An emergency/first aid kit is one of the most important ones you can have and you need to be able to access it quickly. The activities you are involved in will dictate what you keep in it as well as where it lives. This list will serve as a starting place, but feel free to expand upon it and make your emergency prep kit your own.
Bandages: One of the most commonly used elements of a first aid kit has got to be the classic Band-Aid. From simple scrapes to larger/deeper cuts, bandages cover it all. They’re available in a variety of sizes and styles to accommodate different uses. Get a mixed pack of them to cover all situations that might arise.
Sterile Gauze Pad: If you encounter a wound that is too big to be covered by a bandaid then you’ll need to get some gauze to cover it. While it does cost a bit more to get the non-stick pads, anybody who has used one will tell you it’s worth the extra buck.
Elastic Bandage: The second component needed to make the gauze work. Have a roll of this in your bag so you can keep the gauze pad in place. They now have stretchy elastic bandages that stick to themselves, eliminating the need to keep a safety pin or clip in your kit.
Thermometer: Temperature is one of your body’s vital signs and a change in your temperature may indicate various illnesses. The sooner you can detect these fluctuations the sooner you can take action to address it. Digital thermometers are the standard these days, but it isn’t a bad idea to include a disposable thermometer so you don’t have to worry about the batteries going out.
Raptor Shears: Having shears is necessary for any first aid kit, but the Raptors are more than just a pair of powerful scissors. They include a seatbelt cutter, glass breaker, ring cutter and more. Countless people have purchased these planning to only use the shears, but found many other uses.
Nitrile Gloves: For the sake of avoiding cross-contamination with yourself and the person who has sustained an injury, get some nitrile gloves. The standard used to be latex, but with increasing cases of allergens towards latex, nitrile has become the new standard. Nitrile gloves also have a good general chemical resistance giving them a wider variety of applications. A quality pair of gloves can also double as an ice pack when a cold compress isn’t readily available.
Flashlight: Emergencies can occur at any time of day and sometimes the power can go out leaving you in the dark. Just a simple flashlight can eliminate this issue and provide you with the necessary lighting you need to address the emergency at hand.
Cold Compress: These are ideal for treating swelling from sprains, soothing aching joints, to temporary pain relief. Most of them don’t require pre-chilling to work; you simply squeeze the bag breaking the seal between the two components and it cools almost instantly. And for those of you who remember RICE (rest, ice, compress, elevate), the cold compress is an important component.
Antibiotic Ointment: Whether it’s Neosporin, Polysporin, or a no-name brand, every first aid kit needs antibiotic ointment. When dealing with minor cuts or scrapes you need to prevent infection. Most ointments will also help to aid in the healing process as well as reduce scarring.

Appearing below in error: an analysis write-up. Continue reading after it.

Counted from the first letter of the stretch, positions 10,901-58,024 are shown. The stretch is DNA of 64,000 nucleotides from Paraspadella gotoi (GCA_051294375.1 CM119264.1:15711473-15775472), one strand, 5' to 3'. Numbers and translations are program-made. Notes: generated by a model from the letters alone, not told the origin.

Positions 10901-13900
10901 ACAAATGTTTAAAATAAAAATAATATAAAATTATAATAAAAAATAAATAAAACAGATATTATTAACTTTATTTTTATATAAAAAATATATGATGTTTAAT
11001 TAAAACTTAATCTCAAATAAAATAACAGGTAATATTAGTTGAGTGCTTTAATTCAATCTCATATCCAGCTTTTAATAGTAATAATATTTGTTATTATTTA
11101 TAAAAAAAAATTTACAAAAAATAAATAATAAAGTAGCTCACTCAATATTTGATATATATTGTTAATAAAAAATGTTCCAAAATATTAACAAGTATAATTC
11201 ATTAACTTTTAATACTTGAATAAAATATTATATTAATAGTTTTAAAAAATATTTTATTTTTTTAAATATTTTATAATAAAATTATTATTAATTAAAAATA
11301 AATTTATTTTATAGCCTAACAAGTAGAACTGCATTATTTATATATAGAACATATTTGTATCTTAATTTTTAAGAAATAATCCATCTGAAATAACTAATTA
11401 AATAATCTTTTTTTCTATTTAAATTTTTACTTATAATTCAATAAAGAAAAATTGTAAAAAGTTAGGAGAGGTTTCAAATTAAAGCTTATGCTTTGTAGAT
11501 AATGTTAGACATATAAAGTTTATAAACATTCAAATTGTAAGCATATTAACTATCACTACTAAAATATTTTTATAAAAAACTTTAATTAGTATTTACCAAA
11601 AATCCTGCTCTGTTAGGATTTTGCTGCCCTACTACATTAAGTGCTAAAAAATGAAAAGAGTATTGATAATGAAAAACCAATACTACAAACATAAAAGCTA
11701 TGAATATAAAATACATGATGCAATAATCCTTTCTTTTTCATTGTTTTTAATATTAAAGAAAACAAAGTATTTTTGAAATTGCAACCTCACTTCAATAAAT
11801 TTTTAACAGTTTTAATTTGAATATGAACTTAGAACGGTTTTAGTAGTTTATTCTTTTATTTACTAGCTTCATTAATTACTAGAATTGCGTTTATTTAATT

Hydrogen Peroxide: Antibiotic ointments are great for preventing infections, but they don’t necessarily help clean wounds. With a small spray bottle of hydrogen peroxide you can rinse away dirt and damaged cells and loosen dried blood. Hydrogen peroxide can also be used as a mouth rinse to relieve minor oral irritations.
Antiseptic Cleansing Wipes: If somebody has a wound that needs deep cleaning, putting hydrogen peroxide on it won’t be quite enough. With a cleansing wipe you can wipe away any dirt or debris that may have gotten into the wound. Properly cleaning a cut/scrape also enables quicker healing.
Over-the-Counter Medicines: This covers a wide variety of basic medications you might need for different scenarios. Acetaminophen and ibuprofen for pain relief and anti-inflammation, antihistamines for allergic reactions, and Pepto-Bismol for stomach problems. Make sure to regularly check the expiration dates to avoid having expired medications in your emergency kit.
Medical Information Cards: While the information on these cards might appear to be basic stuff, it can be a life saver. Write up a quick list of everybody in your household and a brief summary of their medical history. Also include a list of allergens people may have as well. Not everybody that is going to use your emergency prep kit is going to know the individuals they are treating so it’s good to provide this kind of information.
Much of the aforementioned are standard first aid items. We encourage you to think about situations you may encounter and add on to your kit as you see fit. Maybe this means including a snake bite kit if you live in an area with poisonous snakes. Perhaps some burn cream/gel if you know you’ll be encountering flames or other hot items. It never hurts to think ahead and prepare for the unexpected.
Disclaimer: This preparedness kit is a suggested guideline compiled by Leatherman Tool Group, Inc. Leatherman does not guarantee users to be safe or free from hazards associated with these activities. Please consult medical personnel in the case of an emergency.